Afro-Venezuelans - Orientation



Identification. Afro-Venezuelans are designated by Spanish terms; no words of African derivation are used. "Afro-venezolano" is used primarily as an adjective (e.g., folklore afro-venezolano). "Negro" is the most general term of reference; "Moreno" refers to darker-skinned people, and "Mulatto" refers to lighter-skinned people, usually of mixed European-African heritage. "Pardo" was used in colonial times to refer to freed slaves, or those of mixed Euro-African background. "Zambo" referred to those of mixed Afro-indigenous background. "Criollo," which retains its colonial meaning of "being born in Venezuela," does not indicate any racial or ethnic affiliation.

Location. The largest Afro-Venezuelan population is located in the Barlovento region about 100 kilometers east of Caracas. Comprising an area of 4,500 square kilometers, Barlovento covers four districts of the state of Miranda. There are also important Afro-Venezuelan communities along the coasts of Carabobo (Canoabo, Patanemo, Puerto Cabello), the Distrito Federal (Naiguatá, La Sabana, Tarma, etc.), Aragua (Cata, Chuao, Cuyagua, Ocumare de la Costa, etc.), and the southeast shore of Lake Maracaibo (Bobures, Gibraltar, Santa María, etc.). Smaller pockets are also found in Sucre (Campoma, Güiria), the southwest area of Yaracuy (Farriar), and the mountains of Miranda (Yare). An important Afro-Venezuelan community is also to be found in El Callao, in the southernmost state of Bolívar, where miners from both the French and British Antilles settled in the mid-nineteenth century.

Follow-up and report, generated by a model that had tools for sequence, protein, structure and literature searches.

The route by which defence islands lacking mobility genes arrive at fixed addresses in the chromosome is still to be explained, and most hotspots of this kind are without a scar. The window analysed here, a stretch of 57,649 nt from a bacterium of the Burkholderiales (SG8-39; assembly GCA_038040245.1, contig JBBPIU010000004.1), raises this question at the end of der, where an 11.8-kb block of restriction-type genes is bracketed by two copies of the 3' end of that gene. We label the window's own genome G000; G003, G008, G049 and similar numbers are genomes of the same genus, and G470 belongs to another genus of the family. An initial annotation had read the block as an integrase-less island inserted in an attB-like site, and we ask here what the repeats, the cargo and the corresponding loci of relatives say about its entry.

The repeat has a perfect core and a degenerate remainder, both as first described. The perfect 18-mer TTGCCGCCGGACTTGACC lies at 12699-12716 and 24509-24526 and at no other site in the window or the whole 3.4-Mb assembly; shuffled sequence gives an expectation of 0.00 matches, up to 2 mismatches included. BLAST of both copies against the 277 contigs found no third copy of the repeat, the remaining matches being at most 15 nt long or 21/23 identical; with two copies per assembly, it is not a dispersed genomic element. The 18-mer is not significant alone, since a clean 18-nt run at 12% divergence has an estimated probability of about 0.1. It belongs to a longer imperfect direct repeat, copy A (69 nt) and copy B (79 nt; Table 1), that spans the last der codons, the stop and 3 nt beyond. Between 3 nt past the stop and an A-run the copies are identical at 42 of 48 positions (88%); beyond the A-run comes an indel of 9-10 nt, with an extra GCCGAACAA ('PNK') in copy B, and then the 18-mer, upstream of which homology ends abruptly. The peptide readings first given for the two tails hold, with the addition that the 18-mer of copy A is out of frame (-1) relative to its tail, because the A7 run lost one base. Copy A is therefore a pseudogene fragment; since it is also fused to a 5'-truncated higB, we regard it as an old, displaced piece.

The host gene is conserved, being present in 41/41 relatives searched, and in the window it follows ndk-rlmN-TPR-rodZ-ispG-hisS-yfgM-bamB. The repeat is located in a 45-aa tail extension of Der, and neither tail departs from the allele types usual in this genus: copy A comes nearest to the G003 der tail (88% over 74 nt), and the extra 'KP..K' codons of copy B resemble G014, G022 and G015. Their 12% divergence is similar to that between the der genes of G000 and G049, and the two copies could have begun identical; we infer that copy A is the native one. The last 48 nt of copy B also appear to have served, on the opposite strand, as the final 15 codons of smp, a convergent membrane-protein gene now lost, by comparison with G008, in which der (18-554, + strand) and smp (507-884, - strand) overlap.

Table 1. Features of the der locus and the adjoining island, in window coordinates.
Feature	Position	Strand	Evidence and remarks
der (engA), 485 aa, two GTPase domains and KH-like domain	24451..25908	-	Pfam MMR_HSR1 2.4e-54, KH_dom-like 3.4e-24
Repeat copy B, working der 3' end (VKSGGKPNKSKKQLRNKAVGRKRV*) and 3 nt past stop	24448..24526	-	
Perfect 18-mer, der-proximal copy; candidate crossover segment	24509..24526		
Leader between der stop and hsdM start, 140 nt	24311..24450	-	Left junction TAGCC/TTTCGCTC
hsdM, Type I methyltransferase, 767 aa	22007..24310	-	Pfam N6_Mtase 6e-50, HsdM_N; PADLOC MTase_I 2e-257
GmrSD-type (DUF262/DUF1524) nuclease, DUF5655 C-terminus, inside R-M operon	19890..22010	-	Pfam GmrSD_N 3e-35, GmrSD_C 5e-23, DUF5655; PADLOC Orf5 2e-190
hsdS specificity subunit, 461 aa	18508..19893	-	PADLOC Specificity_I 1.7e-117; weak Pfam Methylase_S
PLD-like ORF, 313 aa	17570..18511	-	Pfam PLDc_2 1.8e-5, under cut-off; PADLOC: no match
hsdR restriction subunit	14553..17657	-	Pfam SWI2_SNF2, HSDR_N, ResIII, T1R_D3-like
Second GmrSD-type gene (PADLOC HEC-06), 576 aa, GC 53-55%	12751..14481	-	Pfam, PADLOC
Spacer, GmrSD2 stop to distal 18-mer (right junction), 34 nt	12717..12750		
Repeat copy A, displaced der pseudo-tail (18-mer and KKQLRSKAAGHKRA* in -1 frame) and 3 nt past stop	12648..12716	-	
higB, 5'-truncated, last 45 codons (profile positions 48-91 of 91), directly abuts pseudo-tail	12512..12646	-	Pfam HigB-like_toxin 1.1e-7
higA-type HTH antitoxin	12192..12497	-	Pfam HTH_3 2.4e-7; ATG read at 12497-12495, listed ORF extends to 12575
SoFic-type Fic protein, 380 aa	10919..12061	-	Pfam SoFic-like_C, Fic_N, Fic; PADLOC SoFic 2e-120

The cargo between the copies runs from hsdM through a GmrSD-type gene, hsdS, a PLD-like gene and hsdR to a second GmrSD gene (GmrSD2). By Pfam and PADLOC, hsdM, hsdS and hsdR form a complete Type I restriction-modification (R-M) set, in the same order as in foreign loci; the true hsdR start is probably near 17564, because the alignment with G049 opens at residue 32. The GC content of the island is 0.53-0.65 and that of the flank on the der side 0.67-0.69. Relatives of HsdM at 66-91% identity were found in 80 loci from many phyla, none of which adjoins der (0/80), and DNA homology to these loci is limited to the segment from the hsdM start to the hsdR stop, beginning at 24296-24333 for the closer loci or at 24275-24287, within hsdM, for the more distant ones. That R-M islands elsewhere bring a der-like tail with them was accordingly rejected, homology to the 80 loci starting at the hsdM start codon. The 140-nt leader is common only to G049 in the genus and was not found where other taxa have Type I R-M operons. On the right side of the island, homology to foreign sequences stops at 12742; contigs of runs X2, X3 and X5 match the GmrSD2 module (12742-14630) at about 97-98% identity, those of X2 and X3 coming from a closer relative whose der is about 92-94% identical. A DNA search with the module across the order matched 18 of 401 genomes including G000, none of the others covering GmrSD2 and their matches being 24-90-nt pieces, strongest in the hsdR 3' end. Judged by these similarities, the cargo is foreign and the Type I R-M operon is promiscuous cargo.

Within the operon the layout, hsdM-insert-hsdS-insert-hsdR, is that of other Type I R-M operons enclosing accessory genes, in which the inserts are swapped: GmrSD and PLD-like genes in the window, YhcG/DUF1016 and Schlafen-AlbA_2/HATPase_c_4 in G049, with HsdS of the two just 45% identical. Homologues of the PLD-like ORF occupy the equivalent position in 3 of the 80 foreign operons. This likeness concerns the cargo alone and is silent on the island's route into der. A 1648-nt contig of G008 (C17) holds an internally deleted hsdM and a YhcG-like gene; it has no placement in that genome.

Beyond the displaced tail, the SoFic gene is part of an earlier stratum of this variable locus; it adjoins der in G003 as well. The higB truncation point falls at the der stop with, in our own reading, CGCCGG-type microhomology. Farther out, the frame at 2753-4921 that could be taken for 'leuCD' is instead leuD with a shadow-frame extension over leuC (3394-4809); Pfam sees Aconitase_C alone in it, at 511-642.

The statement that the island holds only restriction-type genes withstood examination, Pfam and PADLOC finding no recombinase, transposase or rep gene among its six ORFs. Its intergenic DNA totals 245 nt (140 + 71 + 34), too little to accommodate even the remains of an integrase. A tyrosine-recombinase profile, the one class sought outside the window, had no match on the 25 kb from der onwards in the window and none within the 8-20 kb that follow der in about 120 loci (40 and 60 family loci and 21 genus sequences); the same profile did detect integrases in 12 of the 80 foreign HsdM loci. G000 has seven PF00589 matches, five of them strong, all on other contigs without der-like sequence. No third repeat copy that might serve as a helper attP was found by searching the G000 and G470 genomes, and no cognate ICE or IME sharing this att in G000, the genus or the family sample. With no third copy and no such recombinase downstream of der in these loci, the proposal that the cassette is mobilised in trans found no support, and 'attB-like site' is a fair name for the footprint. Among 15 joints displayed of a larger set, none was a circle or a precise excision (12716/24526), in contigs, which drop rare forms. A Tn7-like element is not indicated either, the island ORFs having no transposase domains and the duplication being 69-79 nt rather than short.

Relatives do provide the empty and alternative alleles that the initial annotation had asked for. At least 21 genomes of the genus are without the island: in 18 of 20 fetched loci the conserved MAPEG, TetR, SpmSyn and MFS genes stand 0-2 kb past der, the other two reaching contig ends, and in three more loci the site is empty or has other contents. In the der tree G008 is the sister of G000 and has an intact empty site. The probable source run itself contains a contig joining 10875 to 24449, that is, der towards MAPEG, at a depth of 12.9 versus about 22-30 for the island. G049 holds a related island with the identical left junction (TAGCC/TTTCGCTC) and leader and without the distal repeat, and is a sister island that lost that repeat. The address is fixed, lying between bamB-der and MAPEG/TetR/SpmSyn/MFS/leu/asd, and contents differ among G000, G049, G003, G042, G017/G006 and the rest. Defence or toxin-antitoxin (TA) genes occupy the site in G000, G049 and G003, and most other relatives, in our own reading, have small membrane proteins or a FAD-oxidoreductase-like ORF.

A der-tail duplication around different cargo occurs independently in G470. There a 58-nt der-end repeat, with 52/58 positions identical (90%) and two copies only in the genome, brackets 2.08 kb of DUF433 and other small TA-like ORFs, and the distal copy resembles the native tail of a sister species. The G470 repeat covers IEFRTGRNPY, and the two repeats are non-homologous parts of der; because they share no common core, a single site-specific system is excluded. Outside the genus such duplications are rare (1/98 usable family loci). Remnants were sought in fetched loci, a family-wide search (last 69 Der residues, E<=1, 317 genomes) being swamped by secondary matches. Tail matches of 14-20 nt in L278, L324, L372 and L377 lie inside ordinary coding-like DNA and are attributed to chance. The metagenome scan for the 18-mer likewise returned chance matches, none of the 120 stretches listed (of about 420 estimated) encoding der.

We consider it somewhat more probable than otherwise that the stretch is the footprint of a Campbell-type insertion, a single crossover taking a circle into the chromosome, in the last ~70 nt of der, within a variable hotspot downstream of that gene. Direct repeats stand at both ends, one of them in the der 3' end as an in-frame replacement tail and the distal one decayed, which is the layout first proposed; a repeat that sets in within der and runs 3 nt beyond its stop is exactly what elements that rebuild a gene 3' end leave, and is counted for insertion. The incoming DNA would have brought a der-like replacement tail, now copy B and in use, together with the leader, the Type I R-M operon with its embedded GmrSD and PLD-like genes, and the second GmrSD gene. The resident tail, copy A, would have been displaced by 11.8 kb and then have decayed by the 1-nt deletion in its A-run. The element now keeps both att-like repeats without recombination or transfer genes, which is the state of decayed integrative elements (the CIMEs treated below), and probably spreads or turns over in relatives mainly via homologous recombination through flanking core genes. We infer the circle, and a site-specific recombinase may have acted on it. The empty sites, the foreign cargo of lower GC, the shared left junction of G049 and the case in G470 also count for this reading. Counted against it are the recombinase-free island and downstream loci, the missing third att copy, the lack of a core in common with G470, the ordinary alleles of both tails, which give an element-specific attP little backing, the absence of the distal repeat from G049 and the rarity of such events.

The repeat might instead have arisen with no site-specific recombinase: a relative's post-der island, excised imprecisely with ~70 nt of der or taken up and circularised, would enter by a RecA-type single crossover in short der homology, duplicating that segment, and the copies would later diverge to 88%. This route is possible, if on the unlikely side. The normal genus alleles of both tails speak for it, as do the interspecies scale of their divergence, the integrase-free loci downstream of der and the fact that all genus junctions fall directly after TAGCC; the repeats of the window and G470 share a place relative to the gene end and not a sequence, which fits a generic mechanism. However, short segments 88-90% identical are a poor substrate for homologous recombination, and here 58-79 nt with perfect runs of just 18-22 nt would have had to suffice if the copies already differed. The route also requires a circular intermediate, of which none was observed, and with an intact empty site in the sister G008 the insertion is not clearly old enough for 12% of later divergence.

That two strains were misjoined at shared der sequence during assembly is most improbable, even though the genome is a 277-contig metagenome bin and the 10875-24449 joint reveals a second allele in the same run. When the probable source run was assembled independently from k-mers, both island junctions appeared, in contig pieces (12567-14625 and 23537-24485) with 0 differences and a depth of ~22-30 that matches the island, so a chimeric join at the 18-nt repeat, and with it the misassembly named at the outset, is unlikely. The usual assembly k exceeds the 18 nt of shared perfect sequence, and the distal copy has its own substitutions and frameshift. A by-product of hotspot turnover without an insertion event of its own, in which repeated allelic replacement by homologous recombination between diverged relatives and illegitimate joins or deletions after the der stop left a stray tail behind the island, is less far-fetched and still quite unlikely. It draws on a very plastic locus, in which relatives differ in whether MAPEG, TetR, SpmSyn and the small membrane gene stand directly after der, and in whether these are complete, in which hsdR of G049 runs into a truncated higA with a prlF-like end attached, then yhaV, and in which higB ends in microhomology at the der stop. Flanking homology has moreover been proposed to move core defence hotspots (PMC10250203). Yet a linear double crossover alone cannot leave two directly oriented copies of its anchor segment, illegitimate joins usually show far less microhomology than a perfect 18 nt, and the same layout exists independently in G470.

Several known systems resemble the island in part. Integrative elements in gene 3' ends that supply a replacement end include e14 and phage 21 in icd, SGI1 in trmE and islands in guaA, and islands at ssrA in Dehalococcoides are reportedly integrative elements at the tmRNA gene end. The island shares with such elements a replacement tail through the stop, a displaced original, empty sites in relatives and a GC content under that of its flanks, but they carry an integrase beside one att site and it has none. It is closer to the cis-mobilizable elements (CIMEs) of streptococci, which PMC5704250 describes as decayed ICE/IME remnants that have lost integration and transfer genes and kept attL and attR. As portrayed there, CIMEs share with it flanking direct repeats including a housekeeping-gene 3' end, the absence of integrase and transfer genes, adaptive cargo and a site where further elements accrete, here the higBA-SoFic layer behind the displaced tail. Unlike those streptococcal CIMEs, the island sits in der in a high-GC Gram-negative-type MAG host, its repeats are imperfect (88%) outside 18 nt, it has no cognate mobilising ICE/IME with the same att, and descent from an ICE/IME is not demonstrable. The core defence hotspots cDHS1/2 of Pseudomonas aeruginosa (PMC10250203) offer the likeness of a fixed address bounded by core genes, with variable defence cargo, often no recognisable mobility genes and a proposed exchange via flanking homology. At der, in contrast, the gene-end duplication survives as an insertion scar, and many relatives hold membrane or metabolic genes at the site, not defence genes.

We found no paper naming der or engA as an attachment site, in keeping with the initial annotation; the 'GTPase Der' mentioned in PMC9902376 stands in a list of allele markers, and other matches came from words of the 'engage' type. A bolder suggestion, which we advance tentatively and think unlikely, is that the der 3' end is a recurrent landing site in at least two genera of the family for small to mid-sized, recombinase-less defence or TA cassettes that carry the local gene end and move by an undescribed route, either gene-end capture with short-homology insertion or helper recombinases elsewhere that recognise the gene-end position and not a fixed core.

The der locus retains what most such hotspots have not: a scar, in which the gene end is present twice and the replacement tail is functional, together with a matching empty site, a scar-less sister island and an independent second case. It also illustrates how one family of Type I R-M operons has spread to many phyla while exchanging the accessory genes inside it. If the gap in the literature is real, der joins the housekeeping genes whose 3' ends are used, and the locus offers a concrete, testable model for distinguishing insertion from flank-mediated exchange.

Linguistic Affiliation. Spanish, the language of the Conquest, is spoken, in creolized form (Sojo 1986, 317332). African words are frequently used, especially with reference to instruments and dances; these are predominantly of Bantu and Manding origin (Sojo 1986, 95-108).

Demography. The official estimate of those with "pure" Afro-Venezuelan ancestry is 10 to 12 percent of the total population (i.e., about 1.8 million to 2 million). Sixty percent of all Venezuelans, however, claim some African blood, and Afro-Venezuelan culture is acknowledged as an important component of national identity.


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